That hum you hear in the distance is coming from practice tracks and riding facilities all over the country. The 2013 season is in the midst of turning into the 2014 season, and the pro tracks are at full throttle as everyone gets ready for next weekend’s Monster Energy Cup in Las Vegas, as well as the off-season international races that take place in Europe: Paris, Geneva, Genoa, the German SX Series, and more. Teams are taking final shape, and there’s lots of chair-swapping going on in the industry as well. I’ve been trying to keep up with the carousel of news and PRs about changes of employment (and kept an eye on the Vital MX forum) to see who’s gone where.
For instance, Dave Gowland was the manager of the Rockstar Energy Racing team, which saw three different riders—Davi Millsaps, Blake Wharton, and Jason Anderson—win SX main events. Now he's the new vice president of business development for One Industries, which sponsored the Rockstar team, while the team itself has switched from Suzukis to KTMs. And speaking of KTM, they've apparently hired Ryan Morais as the new team coordinator at Red Bull KTM, taking over for Casey Lytle, who is said to be moving over to the R&D department. Morais was the manager of MyPlash/Star Racing Yamaha, and that opening is apparently going to be filled by two-time 125cc National Motocross Champion Steve Lamson. Lammy had been working with Tedder Racing the past two years....
And by now you’ve probably seen the biggest news of the week: the joining of forces between Red Bull KTM’s Ken Roczen and training guru Aldon Baker. Roczen is the West Region 250 SX champ; Baker is the man who helped shape championship drives for Ricky Carmichael, Ryan Villopoto, Blake Baggett, and more. Kenny’s decision to commit to Baker’s notoriously tough training regimen might just be the last piece of the puzzle for a major title here in the U.S. The Red Bull KTM rider certainly has the speed, but the last two years he’s struggled late in the long U.S. season—especially outdoors. Now that he’s moving up to a 450 full-time, the news that he will be working with Baker is certainly interesting—not only for his fans but for his competitors.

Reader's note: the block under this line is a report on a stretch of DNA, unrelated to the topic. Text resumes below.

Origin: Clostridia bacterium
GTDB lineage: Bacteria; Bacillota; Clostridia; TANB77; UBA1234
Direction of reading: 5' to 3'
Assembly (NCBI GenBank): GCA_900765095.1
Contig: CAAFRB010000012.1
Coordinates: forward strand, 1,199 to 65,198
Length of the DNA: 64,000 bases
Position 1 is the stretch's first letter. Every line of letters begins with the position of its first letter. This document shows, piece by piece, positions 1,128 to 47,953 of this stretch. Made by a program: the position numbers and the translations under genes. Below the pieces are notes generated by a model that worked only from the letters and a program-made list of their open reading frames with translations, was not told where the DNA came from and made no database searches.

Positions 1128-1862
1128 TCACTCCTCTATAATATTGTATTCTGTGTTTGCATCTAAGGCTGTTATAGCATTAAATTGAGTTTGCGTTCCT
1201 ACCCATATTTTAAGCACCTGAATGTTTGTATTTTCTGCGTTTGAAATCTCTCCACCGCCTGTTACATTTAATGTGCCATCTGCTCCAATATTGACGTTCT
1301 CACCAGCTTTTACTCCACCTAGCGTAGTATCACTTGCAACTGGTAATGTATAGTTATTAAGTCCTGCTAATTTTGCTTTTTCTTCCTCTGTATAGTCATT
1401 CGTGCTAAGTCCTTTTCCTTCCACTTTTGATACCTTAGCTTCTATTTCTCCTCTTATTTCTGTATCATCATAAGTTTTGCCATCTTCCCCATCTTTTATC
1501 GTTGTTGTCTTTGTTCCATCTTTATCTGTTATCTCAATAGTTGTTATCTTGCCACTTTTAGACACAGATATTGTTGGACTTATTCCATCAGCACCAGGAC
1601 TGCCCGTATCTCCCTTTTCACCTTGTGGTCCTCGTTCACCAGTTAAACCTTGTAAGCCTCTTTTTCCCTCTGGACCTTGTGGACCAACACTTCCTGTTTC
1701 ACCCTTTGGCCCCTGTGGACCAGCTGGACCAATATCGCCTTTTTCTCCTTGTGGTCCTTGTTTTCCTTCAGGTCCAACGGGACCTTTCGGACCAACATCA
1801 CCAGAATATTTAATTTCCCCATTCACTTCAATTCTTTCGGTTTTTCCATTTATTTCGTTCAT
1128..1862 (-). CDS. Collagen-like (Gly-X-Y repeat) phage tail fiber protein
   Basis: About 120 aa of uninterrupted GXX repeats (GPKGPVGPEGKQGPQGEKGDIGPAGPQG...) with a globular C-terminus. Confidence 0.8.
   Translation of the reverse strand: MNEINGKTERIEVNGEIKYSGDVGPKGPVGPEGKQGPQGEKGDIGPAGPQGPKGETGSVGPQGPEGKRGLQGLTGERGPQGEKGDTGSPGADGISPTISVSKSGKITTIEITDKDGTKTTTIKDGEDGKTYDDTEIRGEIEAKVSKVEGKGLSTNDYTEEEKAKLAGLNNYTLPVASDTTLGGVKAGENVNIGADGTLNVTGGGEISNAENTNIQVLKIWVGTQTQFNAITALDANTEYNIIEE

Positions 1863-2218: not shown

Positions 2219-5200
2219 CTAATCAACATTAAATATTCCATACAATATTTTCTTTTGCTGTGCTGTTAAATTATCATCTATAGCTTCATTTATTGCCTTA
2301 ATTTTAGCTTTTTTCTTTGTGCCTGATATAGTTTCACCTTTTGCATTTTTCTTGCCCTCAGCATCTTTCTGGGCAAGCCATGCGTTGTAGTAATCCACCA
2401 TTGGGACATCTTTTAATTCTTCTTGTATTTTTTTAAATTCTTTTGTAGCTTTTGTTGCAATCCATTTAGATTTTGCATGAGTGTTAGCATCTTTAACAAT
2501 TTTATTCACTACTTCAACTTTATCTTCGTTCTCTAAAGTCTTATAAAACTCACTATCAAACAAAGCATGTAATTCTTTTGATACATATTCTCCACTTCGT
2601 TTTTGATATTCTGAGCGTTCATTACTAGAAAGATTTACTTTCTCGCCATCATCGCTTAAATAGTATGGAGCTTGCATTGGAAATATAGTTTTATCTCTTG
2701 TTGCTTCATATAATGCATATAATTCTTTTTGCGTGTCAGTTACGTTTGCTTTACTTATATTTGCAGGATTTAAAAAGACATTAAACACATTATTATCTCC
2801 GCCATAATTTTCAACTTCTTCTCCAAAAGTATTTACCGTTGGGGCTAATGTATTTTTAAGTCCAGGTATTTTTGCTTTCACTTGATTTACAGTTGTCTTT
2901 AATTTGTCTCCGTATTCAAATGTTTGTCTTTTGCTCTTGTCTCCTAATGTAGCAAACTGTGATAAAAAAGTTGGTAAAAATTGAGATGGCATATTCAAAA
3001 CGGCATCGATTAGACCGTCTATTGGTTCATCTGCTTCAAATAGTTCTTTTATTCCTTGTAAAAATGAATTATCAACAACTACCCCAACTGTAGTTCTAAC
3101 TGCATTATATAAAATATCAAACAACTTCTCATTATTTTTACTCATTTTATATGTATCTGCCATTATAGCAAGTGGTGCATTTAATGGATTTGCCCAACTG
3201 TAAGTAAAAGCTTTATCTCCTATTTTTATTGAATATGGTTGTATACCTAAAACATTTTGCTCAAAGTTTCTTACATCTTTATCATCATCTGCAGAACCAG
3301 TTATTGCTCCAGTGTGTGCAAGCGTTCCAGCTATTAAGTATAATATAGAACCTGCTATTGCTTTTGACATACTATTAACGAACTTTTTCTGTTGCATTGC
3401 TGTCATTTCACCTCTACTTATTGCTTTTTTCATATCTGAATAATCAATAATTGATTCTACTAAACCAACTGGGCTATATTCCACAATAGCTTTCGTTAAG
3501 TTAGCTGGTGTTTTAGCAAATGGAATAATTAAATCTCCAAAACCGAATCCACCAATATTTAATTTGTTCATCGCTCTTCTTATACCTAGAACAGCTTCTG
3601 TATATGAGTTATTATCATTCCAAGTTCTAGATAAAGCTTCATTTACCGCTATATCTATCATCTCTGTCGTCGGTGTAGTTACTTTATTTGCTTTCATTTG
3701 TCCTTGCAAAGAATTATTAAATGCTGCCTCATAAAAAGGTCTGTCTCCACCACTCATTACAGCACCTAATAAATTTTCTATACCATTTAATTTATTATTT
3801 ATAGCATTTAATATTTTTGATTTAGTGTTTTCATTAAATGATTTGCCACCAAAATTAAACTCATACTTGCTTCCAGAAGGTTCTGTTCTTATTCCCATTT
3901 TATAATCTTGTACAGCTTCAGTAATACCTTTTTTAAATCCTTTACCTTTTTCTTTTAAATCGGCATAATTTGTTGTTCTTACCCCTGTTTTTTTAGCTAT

But in this post-Lance Armstrong world, it’s the nature of sporting performance in general that brings skeptics and doubters who feel that any obvious improvement in one’s endurance or strength is the result of performance enhancing drugs. When someone went online today with a similar accusation about Baker and his success with athletes (as well as his background in cycling), it was one of his current athletes—young Adam Cianciarulo—who took to Instagram to defend the friend and trainer:
@adamcianciarulo People like this never cease to amaze me. I’ve been around Aldon for two years and the only Performance enhancement me or any of his riders get is called hard work and dedication.
Personally, I’ve known Aldon for fifteen years, and I’m with AC here. I’ve seen Aldon literally turn Carmichael from a chubby teenager into the best motocross rider who ever lived, and certainly the strongest. He did it through work, diet, riding, proper rest, more work, more diet, more riding.... Same goes for Villopoto, who basically bet anyone $100K to take a test to prove he wasn’t cheating. Sometimes people forget that guys like RC and RV are not only committed to their training, but also wildly talented and able to go faster than anyone else at any given moment. Such pure talent has little to do with their endurance or strength and everything to do with confidence, skill, and commitment. I have a feeling Baker could soon be doing the same with K-Roc, and that spells trouble for everyone in the future.